In search of angels in the City of Angels

24 04 2011

Bangkok, the City of Angels, is a city that has always managed to surprise me with a delightful find every time I have the time to wander around it. So it was to be on my last visit there recently, in which I was able to seek out not one, but two beautiful houses of worship, both Catholic, along the Chao Phraya River. The first, off Charoen Krung (New Road), which I understand is the first paved road in Thailand, is set amongst some delightful pieces of European style buildings in the old Farang Quarter of Bangkok, far, as it seemed to be; from the hustle and bustle that Bangkok has come to be associated with. The house of worship is the Assumption Cathedral, built in 1910 with an Romanesque fashioned red brick exterior with twin towers and a centre rose window, featuring an elaborately gorgeous Rococo style interior that is unusual as churches in this part of the world go.

The gorgeous Rococo style interior of the Assumption Cathedral.

The rose window see from the interior.

The Romanesque red brick exterior of the cathedral.

Another view of the Rococo interior of the Cathedral.

Stained glass panels inside the Cathedral.

Around the square where the Cathedral is are some other wonderful examples of European style architecture, the Venetian style East Asiatic Company building by the river being one, complete with a Venetian style skyway. Another notable building is the Renaissance style Catholic Centre, also by the river, from which I chanced upon the Archbishop Emeritus of Bangkok, Michael Michai Cardinal Kitbunchu emerging. The area around the Cathedral also contains the Assumption College, the Assumption Convent, the Catholic Mission and several other buildings.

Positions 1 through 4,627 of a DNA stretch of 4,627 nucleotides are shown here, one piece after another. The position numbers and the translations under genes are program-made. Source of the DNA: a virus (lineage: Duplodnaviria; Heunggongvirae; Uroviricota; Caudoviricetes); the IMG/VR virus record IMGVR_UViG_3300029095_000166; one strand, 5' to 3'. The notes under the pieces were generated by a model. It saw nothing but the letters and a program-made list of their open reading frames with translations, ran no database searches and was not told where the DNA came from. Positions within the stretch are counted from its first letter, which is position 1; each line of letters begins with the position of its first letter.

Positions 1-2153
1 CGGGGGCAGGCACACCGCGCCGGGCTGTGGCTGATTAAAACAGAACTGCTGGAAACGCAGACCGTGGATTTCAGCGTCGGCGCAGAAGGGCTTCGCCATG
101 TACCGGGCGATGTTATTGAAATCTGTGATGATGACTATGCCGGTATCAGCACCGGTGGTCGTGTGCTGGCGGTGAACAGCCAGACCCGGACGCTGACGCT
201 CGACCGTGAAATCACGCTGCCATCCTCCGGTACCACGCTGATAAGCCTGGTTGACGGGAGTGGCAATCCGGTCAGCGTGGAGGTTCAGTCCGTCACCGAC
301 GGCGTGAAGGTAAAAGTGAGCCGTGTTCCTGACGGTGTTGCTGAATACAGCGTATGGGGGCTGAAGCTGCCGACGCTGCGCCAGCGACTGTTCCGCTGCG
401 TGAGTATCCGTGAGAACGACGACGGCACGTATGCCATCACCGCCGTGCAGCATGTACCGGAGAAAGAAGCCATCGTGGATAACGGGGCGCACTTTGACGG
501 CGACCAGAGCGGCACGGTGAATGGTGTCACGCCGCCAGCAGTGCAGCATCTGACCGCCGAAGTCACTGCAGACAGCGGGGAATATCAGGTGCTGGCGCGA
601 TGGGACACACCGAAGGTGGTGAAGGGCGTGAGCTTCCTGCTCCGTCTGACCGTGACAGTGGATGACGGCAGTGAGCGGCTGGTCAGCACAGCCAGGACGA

The East Asiatic Company building as seen from the river.

The East Asiatic Company building as seen from the side.

Arches along the building's side.

A skyway between buildings.

The Renaissance style Catholic Centre by the river.

Chanced upon His Grace, Michael Michai Cardinal Kitbunchu, Archbishop Emeritus of Bangkok emerging from the Catholic Centre.

The Assumption Convent.

From the area where the Cathedral is, I continued further north along the river. This took me past the Central Post Office and about a kilometre up Charoen Krung, I came to the Neo Gothic style Holy Rosary Church, referred to locally as Wat Kalawar, after the Thai word for Calvary. The church had its origins in the Portuguese who settled in Bangkok, and was built originally in the late 1700s, and one that was rebuilt at the end of the 1800s, and now catering to the Vietnamese and Cambodian community. The church’s interior has been wonderfully restored over the years and features a gilded ceiling and some magnificent Romanesque stained glass. Certainly, the search for angels in the City of Angels, was one that yielded not just a few angels, but some gems of churches in a city that is perhaps better known for its beautiful Buddhist temples, gems that on the evidence of what I had seen, are some of the best to be found in South East Asia.

I continued north up Charoen Krung ...

... past the Central Post Office ...

... coming to another Catholic church by the river, the Holy Rosary Church, built originally by the Portuguese.

The façade of the Holy Rosary Church.

Where, I did find an angel, in the form of a holy water font.

The interior of the church.

Another view of the interior.

The church features some wonderful Romanesque style stained glass panels.

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